As many of you may recall, assuming that you’re approximately the same age as a redwood tree, back in 1952 Ernest Hemingway wrote the final full-length novel of his illustrious career, called The Old Man and the Sea, which told the story of an aging Cuban fisherman named Santiago and his epic battle to catch and bring ashore to Miami a giant marlin, and by so doing fulfill his dreams of bringing Major League Baseball to South Florida and to further allow Derek Jeter to make another bajillion dollars. (Interesting factoid…Ernest Hemingway had a little known older brother named Frank, who unlike his famous sibling, was never renowned for anything other than having heterochromia and excessive flatulence. The brothers Hemingway…Frank and Ernest.)
Today I’m going to regale you with another story, the saga of a young man and the sea…a VERY young man.
Shipmates, please allow me to introduce you to Leak Pohlups, Baby Sailor.
(Okay, by show of hands, how many of you immediately Googled “heterochromia” to see if it was an STD? That many?)
Leak’s father was a Polynesian sailor named Cantdoten, who left his native South Pacific home abruptly one day right after Leak was born, to avoid prosecution as a serial gerbil abuser; Cantdoten’s sudden departure forced Leak’s mother Lotte, whose maiden name was Lenya, to earn a living as a clam shucker, having no other marketable skills with which to support herself and her infant son, who by the way, was named after his mother’s uncle’s second brother’s other cousin.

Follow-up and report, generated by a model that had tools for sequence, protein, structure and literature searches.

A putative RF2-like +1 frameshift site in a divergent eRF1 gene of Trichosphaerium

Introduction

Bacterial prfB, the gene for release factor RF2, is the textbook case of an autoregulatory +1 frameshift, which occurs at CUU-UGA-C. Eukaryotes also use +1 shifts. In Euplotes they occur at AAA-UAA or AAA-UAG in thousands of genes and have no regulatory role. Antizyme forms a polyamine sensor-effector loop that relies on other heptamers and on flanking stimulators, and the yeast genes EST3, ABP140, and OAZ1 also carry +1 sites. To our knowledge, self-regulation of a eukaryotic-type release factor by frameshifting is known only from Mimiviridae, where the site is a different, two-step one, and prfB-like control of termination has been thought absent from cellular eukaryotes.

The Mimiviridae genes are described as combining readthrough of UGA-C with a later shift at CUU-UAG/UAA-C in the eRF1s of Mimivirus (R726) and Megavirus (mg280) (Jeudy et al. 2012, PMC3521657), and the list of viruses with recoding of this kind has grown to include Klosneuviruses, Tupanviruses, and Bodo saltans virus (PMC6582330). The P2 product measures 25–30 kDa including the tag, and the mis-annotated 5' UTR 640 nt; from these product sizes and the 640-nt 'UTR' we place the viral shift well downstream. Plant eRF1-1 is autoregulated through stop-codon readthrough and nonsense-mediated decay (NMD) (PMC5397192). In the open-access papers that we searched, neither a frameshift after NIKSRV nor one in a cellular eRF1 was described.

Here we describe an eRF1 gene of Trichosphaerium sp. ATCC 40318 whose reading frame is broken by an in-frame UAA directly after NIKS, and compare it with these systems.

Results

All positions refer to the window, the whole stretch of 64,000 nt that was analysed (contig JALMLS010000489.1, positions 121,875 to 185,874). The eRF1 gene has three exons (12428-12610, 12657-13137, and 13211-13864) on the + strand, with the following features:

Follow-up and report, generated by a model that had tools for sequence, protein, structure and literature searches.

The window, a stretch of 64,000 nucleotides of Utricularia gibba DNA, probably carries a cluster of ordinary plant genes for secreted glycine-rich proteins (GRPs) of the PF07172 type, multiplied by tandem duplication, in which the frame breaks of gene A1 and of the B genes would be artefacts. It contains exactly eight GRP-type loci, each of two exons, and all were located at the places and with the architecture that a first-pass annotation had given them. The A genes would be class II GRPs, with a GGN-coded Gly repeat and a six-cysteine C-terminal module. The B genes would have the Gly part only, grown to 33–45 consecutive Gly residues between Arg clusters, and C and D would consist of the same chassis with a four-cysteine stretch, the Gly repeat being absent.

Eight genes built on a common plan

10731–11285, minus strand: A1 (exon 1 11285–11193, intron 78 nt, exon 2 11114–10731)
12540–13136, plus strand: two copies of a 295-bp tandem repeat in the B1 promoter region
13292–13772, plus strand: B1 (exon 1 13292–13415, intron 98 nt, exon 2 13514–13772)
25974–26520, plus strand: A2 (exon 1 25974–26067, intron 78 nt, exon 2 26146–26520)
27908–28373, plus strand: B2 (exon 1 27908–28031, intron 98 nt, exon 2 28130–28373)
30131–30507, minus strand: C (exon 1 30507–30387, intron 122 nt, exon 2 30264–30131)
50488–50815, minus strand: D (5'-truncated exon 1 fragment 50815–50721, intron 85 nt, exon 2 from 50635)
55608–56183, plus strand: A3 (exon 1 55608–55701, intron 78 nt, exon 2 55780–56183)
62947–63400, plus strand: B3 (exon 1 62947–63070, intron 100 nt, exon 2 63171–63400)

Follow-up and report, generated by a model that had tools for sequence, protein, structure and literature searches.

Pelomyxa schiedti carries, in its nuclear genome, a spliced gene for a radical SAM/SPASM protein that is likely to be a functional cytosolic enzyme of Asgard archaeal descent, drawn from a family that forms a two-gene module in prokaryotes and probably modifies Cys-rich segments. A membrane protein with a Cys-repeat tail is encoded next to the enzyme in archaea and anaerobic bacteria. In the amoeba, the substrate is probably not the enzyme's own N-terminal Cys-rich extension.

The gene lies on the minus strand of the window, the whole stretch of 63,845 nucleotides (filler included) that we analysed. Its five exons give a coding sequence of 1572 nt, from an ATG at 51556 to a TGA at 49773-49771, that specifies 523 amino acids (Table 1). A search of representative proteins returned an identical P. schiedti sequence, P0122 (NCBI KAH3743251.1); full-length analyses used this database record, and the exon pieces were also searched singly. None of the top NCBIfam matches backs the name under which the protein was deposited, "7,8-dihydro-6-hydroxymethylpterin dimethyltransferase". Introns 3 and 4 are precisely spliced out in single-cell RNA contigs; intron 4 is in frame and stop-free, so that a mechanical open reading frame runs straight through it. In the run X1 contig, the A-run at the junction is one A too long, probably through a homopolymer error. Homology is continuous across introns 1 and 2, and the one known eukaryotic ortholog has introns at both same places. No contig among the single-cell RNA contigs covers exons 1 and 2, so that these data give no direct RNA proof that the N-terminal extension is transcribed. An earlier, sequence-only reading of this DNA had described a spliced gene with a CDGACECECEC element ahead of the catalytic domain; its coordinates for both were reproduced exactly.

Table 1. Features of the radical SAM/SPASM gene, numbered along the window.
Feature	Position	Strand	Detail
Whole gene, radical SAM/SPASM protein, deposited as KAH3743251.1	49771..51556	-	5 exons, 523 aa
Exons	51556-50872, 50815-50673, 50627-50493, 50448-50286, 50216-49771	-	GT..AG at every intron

Life was hard for Little Leak and Lotte, but there was much love and all the clams they could eat in their humble shack on the beach; Lotte shucked and Leak grew and finally, at the age of 23 months, seriously tired of clam chowder, clam stew, clam steaks and clam shishkabob, Leak decided it was time to leave the nest and seek his fortune in the cold, vast world. (If this were a TV script, there would be a commercial break here, probably for some erectile dysfunction cure or a new burger from Wendy’s…the Clam/Mint Jelly Triple Stack or some such.)
(FYI, the giant clam Tridacna Maxima is indigenous to French Polynesia, as are humpback whales and manta rays; however, despite evidence to the contrary, rays are not indigenous to Tampa Bay.)